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Menu Printing – The Ultimate Guide to Pizza & Restaurant Menus

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Pizza menus are absolutely critical to the success, growth, and profitability of your restaurant. Many small business owners use full color menus as their primary method of marketing with great results. If you want to generate revenue quickly, find new customers before they become loyal to other local restaurants, and combat the marketing efforts of the chains in your area – you should carefully read this guide and develop a pizza menu marketing campaign of your own.

Pizza Menu Design

Pizza menu design is a creative process that varies broadly from restaurant to restaurant. However, there is some science involved that can increase response, highlight key items, and improve your image – while increasing profitability!

Menu Items

  • Categorize menu items by type: Pizza, Pasta, Salads, Subs, Beverages, etc
  • List food categories in order: Appetizer – Soup – Salad – Entrée – Dessert
  • Include a section on your menu for "Extras" such as bread sticks, extra cheese, etc. (This is a great way to increase sales and generate extra revenue on each order)
  • Add some personality to your menu with special items
  • Clear list customer options for each category (ie: Club sandwiches served on choice of white, wheat, or rye)
  • Use mouth-watering images of food items for each category when possible (It's a good idea to use images of your menu items as a background graphic)
  • Group your menu items into categories so that you can make pricing decisions
  • Adjust pricing for each menu item depending on volume and profit (once you know what an item costs to make, you subtract the cost from the selling price and you have the gross profit for each item on your menu)
  • Never use "…" leading up to pricing – this makes your menu look like a price list
  • Never use "$" signs on your menu – simply place the cost after the item description (This shifts the customer's focus from the price to the food items

Images

  • Images should always be saved in high-resolution format
  • Use images that are 300dpi whenever possible
  • Make sure you use original images or images that are not copyrighted (you can find millions of inexpensive royalty-free images at istock.com)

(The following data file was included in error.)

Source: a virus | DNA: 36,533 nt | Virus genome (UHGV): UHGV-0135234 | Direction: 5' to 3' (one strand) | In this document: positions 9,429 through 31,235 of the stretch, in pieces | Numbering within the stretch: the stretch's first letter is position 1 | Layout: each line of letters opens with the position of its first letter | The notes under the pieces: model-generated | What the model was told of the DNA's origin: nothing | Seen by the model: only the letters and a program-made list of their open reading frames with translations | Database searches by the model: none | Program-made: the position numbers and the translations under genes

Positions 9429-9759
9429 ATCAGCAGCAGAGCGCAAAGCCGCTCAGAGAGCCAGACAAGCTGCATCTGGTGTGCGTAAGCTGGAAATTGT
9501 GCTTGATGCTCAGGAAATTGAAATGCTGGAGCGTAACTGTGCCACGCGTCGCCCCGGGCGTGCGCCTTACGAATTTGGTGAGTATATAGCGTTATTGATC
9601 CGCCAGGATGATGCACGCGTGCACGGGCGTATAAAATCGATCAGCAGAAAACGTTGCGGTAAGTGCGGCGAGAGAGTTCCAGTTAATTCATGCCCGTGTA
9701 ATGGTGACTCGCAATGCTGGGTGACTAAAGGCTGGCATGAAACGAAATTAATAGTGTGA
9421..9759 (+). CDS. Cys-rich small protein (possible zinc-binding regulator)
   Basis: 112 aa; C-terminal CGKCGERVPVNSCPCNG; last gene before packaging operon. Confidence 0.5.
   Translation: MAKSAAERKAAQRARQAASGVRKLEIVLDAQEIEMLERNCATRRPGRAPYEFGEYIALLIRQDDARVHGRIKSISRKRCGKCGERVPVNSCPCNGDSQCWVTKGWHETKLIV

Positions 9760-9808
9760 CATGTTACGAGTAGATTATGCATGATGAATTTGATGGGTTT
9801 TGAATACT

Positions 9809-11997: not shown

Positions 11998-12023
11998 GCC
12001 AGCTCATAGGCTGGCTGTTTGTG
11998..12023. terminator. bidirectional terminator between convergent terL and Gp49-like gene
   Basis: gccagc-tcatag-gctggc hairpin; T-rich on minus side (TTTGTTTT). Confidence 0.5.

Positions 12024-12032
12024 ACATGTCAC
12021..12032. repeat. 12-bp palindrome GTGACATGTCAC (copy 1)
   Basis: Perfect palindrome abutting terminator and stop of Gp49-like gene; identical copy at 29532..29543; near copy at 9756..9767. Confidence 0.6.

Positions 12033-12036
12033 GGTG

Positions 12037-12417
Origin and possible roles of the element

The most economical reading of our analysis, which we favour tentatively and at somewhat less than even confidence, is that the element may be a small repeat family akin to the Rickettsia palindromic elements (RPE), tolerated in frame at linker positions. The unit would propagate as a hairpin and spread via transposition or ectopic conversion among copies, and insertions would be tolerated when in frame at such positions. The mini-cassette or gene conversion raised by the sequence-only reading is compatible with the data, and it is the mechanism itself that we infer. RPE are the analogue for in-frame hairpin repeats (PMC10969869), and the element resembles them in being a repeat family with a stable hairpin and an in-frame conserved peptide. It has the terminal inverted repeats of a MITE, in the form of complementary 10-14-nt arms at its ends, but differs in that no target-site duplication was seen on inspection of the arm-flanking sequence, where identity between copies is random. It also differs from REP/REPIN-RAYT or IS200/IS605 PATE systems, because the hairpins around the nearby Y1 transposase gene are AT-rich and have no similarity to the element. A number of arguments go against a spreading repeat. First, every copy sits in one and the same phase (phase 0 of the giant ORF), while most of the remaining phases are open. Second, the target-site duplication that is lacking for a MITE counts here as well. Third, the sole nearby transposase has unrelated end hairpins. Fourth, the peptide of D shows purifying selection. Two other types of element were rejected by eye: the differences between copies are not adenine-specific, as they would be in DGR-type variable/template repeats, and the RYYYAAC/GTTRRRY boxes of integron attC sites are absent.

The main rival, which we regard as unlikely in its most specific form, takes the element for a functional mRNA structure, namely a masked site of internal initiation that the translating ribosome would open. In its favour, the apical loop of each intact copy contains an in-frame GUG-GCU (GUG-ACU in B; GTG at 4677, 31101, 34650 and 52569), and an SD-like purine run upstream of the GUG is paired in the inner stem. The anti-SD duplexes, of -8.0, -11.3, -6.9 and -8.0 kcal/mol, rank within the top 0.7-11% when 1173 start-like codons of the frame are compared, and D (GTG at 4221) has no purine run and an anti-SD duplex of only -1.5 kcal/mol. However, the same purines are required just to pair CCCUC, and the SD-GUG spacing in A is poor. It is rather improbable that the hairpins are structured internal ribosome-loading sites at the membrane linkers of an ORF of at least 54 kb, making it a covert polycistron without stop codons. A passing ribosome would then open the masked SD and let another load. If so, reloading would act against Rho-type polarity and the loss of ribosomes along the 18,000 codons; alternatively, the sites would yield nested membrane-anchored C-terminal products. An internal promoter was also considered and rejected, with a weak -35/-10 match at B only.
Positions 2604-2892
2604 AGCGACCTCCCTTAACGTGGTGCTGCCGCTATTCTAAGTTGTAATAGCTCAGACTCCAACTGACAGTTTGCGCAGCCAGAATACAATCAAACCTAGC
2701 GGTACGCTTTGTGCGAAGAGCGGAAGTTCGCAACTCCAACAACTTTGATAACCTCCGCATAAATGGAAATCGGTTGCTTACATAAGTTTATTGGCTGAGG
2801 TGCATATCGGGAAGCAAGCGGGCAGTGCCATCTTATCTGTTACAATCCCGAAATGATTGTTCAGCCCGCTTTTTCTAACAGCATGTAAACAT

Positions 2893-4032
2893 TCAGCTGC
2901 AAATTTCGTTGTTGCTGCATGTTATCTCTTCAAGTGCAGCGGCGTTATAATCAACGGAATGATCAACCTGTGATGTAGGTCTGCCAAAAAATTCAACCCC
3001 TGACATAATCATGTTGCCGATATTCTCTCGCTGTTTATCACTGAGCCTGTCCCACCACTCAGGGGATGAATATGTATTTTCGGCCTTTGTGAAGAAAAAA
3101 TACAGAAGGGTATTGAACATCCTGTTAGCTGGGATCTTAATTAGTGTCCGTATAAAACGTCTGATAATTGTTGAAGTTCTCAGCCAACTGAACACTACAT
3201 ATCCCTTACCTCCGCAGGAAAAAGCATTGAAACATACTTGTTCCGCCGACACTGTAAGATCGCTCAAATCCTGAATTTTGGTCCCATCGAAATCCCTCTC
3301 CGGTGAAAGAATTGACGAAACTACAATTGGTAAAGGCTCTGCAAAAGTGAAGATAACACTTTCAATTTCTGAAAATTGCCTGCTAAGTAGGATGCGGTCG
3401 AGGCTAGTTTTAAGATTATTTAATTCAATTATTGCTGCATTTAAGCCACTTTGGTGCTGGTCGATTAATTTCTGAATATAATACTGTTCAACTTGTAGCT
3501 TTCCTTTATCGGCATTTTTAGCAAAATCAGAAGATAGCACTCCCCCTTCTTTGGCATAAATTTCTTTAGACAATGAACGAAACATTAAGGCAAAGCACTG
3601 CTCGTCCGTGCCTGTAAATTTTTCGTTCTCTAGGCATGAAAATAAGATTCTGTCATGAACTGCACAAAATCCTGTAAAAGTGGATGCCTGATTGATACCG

• Always hire a graphic designer without you are experienced in design

Printing

  • Always print in full-color on glossy paper – your restaurant's image will thank you
  • Print in bulk to save money per piece – color printing is very affordable this way
  • Choose an experienced pizza menu printer such as Taradel to obtain the best results, outstanding customer service, and the lowest prices … less than 4 cents per menu!

Paper

Choose a standard glossy paper durable sufficient to hold up to moderate usage. There is no need to use super-thick paper for takeout or pizza restaurant menus because it will cost you a fortune to ship and it will also increase production costs veryly. Choose a thin to medium thick paper depending on your budget and type of establishment.

  • 60 # Gloss – similar to a newspaper insert in your Sunday paper (this is the standard)
  • 80 # Gloss – similar to the cover of a magazine (think Time magazine's cover)
  • 100 # Gloss – similar to a postcard or business card in thickness
  • Choose a standard menu size such as 8.5×11 or 11×17 Need More Help Deciding? Request free pizza menu samples

Folding

  • Tri-fold – six panel front and back menu
  • Half-fold – four panel front and back menu
  • Double Parallel Fold – six panel front and back menu with coupon strip

Bleed, No Bleed, and Other Printing Terms

  • Bleed: Graphics / images extend all the way to the edge of the page
  • No Bleed: Page has small white border of an an inch when finished When designing a menu, you must design to bleed or no bleed specifications
  • 4/0: Full color on one side only (the 4 stands for four color printing / full-color
  • 4/4: Full color on both sides

Tracking Results

  • Under-price a hot selling item. The general idea in doing this is that enough customers will buy additional items to offset the losses created by the under-pricing of the lead item. This is a great way to measure increases in response.
  • Create a name for a product that is only on your menu – For example: "The Beast" Pizza … soon enough customers will call and ask for these specifically named menu items.
  • Use coupons – customers will clip coupons off of your menu and you'll know what works
  • Create a "limited-time" promotion specific to one particular menu

Please check back often for updates to this pizza menu guide.

We will be constantly updating this guide and incorporating input from pizza restaurants across the country! If you have helpful tips for menu printing or design please email them to chris@taradel.com and we may include them in future updates to this guide.

Copyright © 2007 Taradel, LLC. All rights reserved.



Source by Chris Barr

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